Parkinson’s disease differs from person to person. Symptoms often start on one side of the body and remain worse on this side, even after both sides become affected.


  • a tremor usually begins in one limb, often in the hand or fingers
  • the tremor may appear during sleep
  • the thumb and forefinger may be rubbing back and forth as a “pill-rolling” motion

Slowed movement

  • smaller steps and dragging feet when walking
  • difficulty doing simple tasks and movements such as getting out of a chair

Rigid muscles

  • Impaired posture and balance

Loss of automatic movements

  • reduced blinking, smiling or swinging arms when walking

Speech changes

  • speech may become softer, quicker, slurred, or hesitant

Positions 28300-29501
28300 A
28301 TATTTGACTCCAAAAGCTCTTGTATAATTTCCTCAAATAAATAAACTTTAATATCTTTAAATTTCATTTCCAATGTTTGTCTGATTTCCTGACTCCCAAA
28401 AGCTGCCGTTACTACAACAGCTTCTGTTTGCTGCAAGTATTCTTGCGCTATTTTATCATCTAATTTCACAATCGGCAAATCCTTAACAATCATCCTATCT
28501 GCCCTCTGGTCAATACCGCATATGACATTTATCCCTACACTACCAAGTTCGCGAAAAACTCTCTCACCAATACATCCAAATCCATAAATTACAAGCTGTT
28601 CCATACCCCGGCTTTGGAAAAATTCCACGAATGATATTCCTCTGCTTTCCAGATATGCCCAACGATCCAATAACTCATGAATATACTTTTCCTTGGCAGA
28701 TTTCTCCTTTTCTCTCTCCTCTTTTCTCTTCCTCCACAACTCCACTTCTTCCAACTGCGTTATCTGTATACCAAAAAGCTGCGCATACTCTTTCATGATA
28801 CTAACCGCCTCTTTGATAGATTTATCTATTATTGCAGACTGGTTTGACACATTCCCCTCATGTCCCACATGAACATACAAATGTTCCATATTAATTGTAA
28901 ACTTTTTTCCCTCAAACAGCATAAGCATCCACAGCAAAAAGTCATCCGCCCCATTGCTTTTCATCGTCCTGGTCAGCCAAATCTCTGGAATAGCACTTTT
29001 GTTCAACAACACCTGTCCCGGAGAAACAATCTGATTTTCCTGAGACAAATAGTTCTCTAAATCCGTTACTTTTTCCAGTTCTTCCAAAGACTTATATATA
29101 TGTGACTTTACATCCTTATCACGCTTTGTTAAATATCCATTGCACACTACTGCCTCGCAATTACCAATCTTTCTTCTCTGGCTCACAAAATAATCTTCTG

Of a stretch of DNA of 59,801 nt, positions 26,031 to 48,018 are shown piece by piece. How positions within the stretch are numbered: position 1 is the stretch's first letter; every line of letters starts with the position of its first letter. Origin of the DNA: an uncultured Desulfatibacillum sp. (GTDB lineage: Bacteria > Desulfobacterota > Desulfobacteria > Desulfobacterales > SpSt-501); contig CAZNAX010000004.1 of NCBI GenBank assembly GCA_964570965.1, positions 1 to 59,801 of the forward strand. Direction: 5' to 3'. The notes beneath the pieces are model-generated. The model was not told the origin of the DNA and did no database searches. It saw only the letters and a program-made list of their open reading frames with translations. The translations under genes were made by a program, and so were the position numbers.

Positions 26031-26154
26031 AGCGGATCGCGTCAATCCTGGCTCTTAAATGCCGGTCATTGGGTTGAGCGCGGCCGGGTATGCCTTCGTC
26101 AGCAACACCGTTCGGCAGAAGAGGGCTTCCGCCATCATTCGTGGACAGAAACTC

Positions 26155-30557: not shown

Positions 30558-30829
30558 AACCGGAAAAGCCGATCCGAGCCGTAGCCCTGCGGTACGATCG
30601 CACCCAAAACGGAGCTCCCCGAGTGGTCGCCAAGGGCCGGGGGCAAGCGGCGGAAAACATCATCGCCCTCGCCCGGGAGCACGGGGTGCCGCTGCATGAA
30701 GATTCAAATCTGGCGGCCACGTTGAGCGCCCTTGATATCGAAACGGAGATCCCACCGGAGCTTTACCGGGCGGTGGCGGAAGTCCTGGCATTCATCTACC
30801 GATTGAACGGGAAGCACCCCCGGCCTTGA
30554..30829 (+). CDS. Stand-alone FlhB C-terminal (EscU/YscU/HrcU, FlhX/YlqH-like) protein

• monotonal instead of with inflections

Writing changes

  • difficulty with writing
  • smaller handwriting than before

Causes and Risk Factors

  • In Parkinson’s disease, certain neurons in the brain gradually die off. Many symptoms result from the loss of neurons that produce a chemical messenger called dopamine. Abnormal brain activity can be caused by a low dopamine level. Although the specific cause of Parkinson’s disease is unknown, the following factors are thought to play a role:
    • Certain genetic mutations can cause Parkinson’s disease, but these genes are uncommon except in rare cases where many family members are affected by Parkinson’s disease
    • Certain gene variations may increase the risk, but with a relatively small risk of Parkinson’s disease for each of these genetic markers

    Risk Factors

    • Age
      • Parkinson’s disease typically begins in middle or late life (around 60s), and its risks increase with age
    • Heredity
      • having a close relative with PD can increase the risk
    • Sex
      • men are more likely to develop PD than are women
    • Exposure to toxins
      • ongoing exposure to herbicides and pesticides increases the risk